June 2006: A few new accessors have been added to the library, and despite the fact that the call sequence is relatively self-explanatory, added checks now better control the odd case like for instance training a non existent network...  We have slightly improved the algorithm and noticed quite some speed improvement.

  •     "Set_Tolerance" allows the model to ignore insignificant error levels.
  •     "Set_SplitEpsilon" to conform original QuickProp document.  Our experimentations however tend to confirm that the default value remains recommended in most cases.
  •     Weight Pruning has been also slightly improved.  In fact, combination of an adequate tolerance level with some weight pruning give the neural network a simpler structure which generally translates into better generalization.

We believe the occasional Underflow/Overflow errors in previous versions should no longer occur.

New API declarations are available here.  They can be copy/pasted straight into your VBA code.  To keep things simple, we would recommend building new nets from the existing sample spreadsheets.

February 2006:  A XOR example spreadsheet has been posted.  Please click here to download. 
This sample works with NXL2 in demo mode. 

Related links on this site:

  1. Notes on neural training

  2. NXL2 API Calls

  3. NXL2 Technical notes (older, but still valid)

Current NXL2 version:

The latest API version number will be published on the news page.  We have jumped a few digits to version 1.99 for no other reason to make it clear the API declarations had been changed to show no aliases.  However the VB code remains exactly the same, there is no new API call.

There will likely be no further update on the C version, unless we see a substantial drop in performance in the C++ version (which will be NXL3). C++ will provide better scalability and therefore will likely be of more interest to power users.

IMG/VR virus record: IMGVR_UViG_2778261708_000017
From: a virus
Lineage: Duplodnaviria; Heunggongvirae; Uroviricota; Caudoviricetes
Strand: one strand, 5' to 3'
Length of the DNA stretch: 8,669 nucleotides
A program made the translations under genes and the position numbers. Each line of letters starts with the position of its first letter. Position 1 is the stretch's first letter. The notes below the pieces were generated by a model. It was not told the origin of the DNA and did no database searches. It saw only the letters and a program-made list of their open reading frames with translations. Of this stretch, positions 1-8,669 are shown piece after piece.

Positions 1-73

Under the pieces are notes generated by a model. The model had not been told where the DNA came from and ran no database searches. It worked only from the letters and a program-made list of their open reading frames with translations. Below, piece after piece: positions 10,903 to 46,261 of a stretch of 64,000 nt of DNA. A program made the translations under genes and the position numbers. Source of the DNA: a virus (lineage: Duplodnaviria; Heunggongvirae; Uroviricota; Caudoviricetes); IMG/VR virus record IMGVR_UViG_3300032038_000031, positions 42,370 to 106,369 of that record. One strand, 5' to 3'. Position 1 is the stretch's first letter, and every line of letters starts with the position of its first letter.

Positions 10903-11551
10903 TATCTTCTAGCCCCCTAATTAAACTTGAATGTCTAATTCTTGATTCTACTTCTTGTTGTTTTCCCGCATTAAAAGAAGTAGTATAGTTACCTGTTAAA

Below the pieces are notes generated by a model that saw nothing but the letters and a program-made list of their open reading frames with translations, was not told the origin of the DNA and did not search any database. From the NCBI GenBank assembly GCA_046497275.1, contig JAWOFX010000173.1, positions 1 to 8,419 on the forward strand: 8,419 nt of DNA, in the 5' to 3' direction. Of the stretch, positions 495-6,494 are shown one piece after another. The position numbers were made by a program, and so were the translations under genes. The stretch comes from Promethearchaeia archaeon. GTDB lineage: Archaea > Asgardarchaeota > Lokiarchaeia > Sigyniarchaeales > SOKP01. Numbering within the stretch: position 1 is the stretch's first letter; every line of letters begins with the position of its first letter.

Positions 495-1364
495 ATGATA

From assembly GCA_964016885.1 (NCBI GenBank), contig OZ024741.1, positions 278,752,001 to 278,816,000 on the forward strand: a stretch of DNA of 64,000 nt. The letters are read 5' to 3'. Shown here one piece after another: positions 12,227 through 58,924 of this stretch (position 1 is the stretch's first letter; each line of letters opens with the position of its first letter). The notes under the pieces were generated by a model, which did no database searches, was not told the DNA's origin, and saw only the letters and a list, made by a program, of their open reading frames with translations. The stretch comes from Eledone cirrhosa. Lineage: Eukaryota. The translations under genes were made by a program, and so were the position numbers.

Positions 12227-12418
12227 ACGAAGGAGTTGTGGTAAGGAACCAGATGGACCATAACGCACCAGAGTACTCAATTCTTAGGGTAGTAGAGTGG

NXL2 is now FREE.  This product is targeted at beginner to intermediate VB/VBA programmers with some knowledge of neural networks.  Users will benefit from learning how to better use nets in their application field.  This may sound like a lot of work, but it isn't really, and is well worth the effort.

Unlike most other (commercial) neural software,  source code (C language) is also available for sale.  The C++ version is now also available in beta stage.


QuickProp from Prof S.Fahlman (PostScript  and PDF documents available on this site)

Click here for "Details and Implementation of the Algorithm"

Note to current NXL users (or NXL "v1" i.e. the original version):

The current version NXL2, has been recompiled for higher double precision under Visual C (previously compiled with Borland).  The API format is very little changed from previous NXL but is more comprehensive. 

NXL "1" is now removed from the site, and we invite all users to upgrade (at no charge), as we shall unfortunately no longer offer any technical support for it.

Home Up NXL2 API Specifications NXL3 Notes on Neural Nets Best viewed with MS Internet Explorer 5 and above

Page last modified: December 09, 2007